A friend alerted me to a Reddit post from a Croatian guy who doesn’t know much about baseball but who was trying to figure out a rooting interest. His solution: he wrote to all 30 teams, asking them why he should root for them.
Only seven responded: the Orioles, Indians, Mariners, Marlins, Phillies, Nationals and Dodgers.
The responses were . . . mostly poor. The Marlins’ response was the most detailed and was clearly tailored as a response to the man’s question. The Phillies’ was kind of zen and, I have to say, my favorite of them all:
While we appreciate the support of all of our fans, the reason for choosing one team versus another is a strictly personal reason. We do not try to ‘sell’ fans, rather we allow them the opportunity to choose to follow the Phillies for their own myriad of reasons.
Good luck with your choice.
The Dodgers sent the guy swag. Have to say, buying fandom is a bit too on-brand for the Dodgers, but all teams should go with their strengths.
Mostly, though, it seemed like off-the-shelf promotional speak. I feel like teams could do better and have more fun with this kind of thing. Good effort to those who bothered, but the 23 teams that didn’t ought to be ashamed of themselves. I mean, sending a response that says “Root for [Team] because we rule” would probably be the best answer. How hard could that be?
(Thanks to Vince G for the heads up)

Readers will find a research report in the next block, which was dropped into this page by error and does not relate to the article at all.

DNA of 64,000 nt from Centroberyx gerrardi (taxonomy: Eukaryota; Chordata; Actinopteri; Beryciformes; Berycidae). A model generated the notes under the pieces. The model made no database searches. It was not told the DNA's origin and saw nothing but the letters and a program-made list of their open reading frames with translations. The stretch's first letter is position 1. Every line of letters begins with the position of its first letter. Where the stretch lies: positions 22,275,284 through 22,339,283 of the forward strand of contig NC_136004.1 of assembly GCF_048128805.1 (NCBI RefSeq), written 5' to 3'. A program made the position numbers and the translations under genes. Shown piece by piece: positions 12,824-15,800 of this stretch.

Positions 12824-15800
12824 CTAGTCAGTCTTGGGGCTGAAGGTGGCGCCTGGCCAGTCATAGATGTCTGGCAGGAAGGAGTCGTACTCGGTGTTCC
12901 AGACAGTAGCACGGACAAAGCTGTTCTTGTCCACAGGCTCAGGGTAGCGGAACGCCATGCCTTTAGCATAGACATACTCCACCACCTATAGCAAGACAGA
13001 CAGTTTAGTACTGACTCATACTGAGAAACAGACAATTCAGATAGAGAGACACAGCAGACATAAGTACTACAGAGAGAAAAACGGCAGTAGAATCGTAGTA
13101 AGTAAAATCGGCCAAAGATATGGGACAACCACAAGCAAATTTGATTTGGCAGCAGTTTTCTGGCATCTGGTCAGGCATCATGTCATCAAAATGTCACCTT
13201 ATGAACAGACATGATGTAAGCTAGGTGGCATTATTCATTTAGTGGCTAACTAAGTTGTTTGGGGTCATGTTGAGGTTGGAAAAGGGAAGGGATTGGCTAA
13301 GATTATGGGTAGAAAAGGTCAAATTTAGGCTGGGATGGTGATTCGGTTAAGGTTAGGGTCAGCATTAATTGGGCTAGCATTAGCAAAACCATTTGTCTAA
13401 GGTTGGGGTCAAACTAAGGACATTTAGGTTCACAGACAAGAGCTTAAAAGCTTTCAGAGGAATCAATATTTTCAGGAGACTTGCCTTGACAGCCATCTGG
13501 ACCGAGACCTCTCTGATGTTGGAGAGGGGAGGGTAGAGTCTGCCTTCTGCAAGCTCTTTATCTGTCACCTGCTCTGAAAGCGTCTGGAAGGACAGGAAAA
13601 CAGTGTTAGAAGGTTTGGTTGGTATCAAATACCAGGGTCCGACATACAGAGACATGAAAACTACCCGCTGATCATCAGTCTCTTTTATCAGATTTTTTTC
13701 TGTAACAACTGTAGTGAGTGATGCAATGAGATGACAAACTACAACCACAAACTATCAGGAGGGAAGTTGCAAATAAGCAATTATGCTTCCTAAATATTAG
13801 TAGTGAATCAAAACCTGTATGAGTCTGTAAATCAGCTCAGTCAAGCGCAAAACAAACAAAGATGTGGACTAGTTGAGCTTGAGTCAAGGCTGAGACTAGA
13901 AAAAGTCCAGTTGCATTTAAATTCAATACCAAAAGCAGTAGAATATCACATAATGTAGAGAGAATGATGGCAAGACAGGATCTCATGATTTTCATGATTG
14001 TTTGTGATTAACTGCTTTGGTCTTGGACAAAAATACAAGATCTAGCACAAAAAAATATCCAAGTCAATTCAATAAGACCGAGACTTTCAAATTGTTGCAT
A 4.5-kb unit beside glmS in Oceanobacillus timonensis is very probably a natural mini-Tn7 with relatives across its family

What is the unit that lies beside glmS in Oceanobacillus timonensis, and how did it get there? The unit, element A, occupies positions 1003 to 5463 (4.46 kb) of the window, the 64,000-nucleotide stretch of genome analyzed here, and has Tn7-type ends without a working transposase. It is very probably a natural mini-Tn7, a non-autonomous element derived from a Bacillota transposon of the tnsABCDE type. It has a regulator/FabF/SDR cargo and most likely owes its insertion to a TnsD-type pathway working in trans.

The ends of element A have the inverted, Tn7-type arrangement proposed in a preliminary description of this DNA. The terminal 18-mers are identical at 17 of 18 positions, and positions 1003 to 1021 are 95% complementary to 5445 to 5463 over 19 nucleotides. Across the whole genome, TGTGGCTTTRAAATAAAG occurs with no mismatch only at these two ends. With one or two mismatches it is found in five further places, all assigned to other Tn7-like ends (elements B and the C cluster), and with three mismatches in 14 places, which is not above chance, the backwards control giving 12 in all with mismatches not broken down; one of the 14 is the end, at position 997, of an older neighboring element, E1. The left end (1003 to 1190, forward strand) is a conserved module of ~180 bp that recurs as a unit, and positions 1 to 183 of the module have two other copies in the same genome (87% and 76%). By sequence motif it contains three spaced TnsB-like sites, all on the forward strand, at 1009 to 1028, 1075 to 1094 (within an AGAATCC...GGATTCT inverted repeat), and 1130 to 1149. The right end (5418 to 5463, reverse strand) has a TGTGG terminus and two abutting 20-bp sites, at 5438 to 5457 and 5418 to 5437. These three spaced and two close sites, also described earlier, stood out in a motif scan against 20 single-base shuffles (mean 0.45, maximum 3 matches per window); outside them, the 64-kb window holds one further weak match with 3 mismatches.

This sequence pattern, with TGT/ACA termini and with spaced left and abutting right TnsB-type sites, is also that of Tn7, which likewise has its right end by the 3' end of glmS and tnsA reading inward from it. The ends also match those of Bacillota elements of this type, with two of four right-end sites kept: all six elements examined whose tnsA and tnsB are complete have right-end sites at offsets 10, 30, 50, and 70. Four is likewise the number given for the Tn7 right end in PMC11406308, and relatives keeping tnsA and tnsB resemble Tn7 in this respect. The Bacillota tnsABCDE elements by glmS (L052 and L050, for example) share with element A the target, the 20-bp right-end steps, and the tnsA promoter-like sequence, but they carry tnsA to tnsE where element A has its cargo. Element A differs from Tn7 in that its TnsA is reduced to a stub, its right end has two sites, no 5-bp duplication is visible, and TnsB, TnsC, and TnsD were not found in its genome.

The Cubs announced on Wednesday that pitcher Brett Anderson was activated from the 60-day disabled list and subsequently designated for assignment to open up a spot on the 40-man roster.
Anderson, 29, had been out since May 7 with a lower back strain. Across six starts prior to the injury, the lefty yielded 20 earned runs on 34 hits and 12 walks with 16 strikeouts in 22 innings. He has logged just 33 1/3 innings over the last two seasons and has crossed the 50-inning threshold just since dating back to 2011.
Despite his lengthy injury history, Anderson will likely still draw some interest once he becomes a free agent as he throws with his left hand and can be had for the major league minimum salary.
Reds infielder Dilson Herrera will undergo surgery to remove bone spurs from his right shoulder. His season is over.
Herrera, you may recall, was acquired from the Mets in the Jay Bruce trade last year. He played in 49 games for the Mets, but spent all of last year and this year in the minors. In parts of seven minor league seasons he’s hit .295/.357/.461 with 67 homers and 87 stolen bases in 631 games.
Herrera, one time a top-5 prospect of the Mets, was expected to play in the bigs this year, but hasn’t. He was expected to challenge for the starting second base job for the Reds next year, but that’s obviously in doubt now. The worst part: he’ll be out of minor league options next year, so the Reds will be pressured to either put him on the big league roster fresh off an injury or else risk losing him via waivers, which I suspect he’d be unlikely to clear.